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He should no longer be a starter until he gets more aggresive. Every time he gets the ball he's at the 3 point line and immediatly passes the ball off to someone plus his jumper is real cold. We should go out and get a center, but for now I say start the a-train.
 

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Twin was humiliated last night against the Spurs. I don't think he's just playing hurt anymore. I think his poor quality play is affecting his mental game. Nesterovic is neither an elite nor a tough center - if Twin can't match up better with him, he's in trouble. As I said in a previous thread, I don't mind Twin keeping his starting position (for now), but 20 MPG seems fair. If he continues to play badly, removing him from the starting line-up and dropping his PT further are fair options, too.

Of available players, Williams and Scalabrine are the best options to take over the remaining 28-plus minutes at C if Collins' PT is cut.

Williams . . . PRO: A-Train is the Nets' strongest, most reliable low-post presence. To include K-Mart, A-Train is the only Nets big who will consistently (AND successfully - sorry, Veal) battle inside against big, physical front-courts. Most importantly, he scores in the low-post. CON: While A-Train can hit the top-of-the-key jumper and has a few effective low-post moves, he's not versatile enough to be a focal point in the offense, which often bears out when he plays too many minutes. A-Train is playing hurt, and historically, he's not a durable player. 19-20 MPG is just about right given his physical limitations, and that's when he's relatively healthy. If Scott over-uses A-Train, he'll lose him, probably for a longer stretch than his recently recovered groin injury.

Scalabrine . . . PRO: If the argument for Twin as the primary C is his acumen with the motion offense, then Veal should receive strong consideration to play heavy minutes at the pivot. Whereas A-Train is a traditional low-post strongman, Veal brings the 'finesse' skill-set required of the pivot in the motion offense. Indeed, it's a role he played at USC. Veal offers more options than Twin from the pivot (think Brad Miller). Of course, Veal hustles, brings energy, plays smart, is fundamentally sound, and all that. He's also one of the best help defenders on the team. CON: Veal would be an under-sized pivot, without A-Train's power and athleticism to compensate. As a rebounder in the low blocks, Veal is a vertical-challenged positional rebounder who tends to be outquicked to the ball; not good when boarding against NBA Cs. (Neither PRO nor CON) In his post defense, he's no stopper, but generally is effective keeping himself between his man and the basket, he's strong enough to keep Cs out of the paint, has good footwork and plays physical.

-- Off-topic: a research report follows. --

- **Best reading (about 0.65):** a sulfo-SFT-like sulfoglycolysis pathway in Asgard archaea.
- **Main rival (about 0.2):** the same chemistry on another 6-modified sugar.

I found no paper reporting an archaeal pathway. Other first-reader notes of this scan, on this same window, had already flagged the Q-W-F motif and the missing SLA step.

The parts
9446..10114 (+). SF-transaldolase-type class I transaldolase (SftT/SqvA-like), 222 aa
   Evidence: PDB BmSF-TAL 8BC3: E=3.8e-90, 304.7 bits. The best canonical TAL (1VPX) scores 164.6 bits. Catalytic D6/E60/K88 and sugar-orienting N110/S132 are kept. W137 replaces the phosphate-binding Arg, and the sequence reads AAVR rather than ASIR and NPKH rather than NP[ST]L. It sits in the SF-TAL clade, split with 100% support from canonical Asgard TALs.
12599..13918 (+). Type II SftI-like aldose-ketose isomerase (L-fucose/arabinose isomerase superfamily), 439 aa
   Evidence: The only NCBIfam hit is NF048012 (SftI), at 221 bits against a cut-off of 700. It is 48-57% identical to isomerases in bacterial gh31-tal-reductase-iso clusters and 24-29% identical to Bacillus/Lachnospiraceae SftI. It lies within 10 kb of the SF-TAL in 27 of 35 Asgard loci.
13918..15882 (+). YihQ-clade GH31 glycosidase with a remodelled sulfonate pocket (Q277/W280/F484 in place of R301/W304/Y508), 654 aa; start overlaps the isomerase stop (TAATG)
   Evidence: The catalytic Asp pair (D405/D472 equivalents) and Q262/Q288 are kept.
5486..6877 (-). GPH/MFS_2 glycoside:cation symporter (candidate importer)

Rogers . . . PRO: He has the talent and ability to be dynamic. CON: Highly unreliable focus, effort and decision-making. Much more often a detriment than a contributor.

My opinion. Twin is no rising star, but we've seen better from him. If Twin is ineffective now because he's hurt, then he should sit out or play reduced minutes - like Manu on the Spurs - until he's healthy again. The Nets are razor-thin at the 1, 2 and 3 but they're deep in 4s. Scott might as well use them at the 5 while Twin recuperates, considering all his 4s have experience playing the 5. I would use both Veal and A-Train, to include playing them together, and assign one nightly as the primary depending on match-ups. Rule of thumb - A-Train plays more against the bigger, more physical frontcourts (Spurs, healthy Lakers, etc) while Veal plays more against the softer, finesse frontcourts (Kings, Mavs, Sonics, etc).
 
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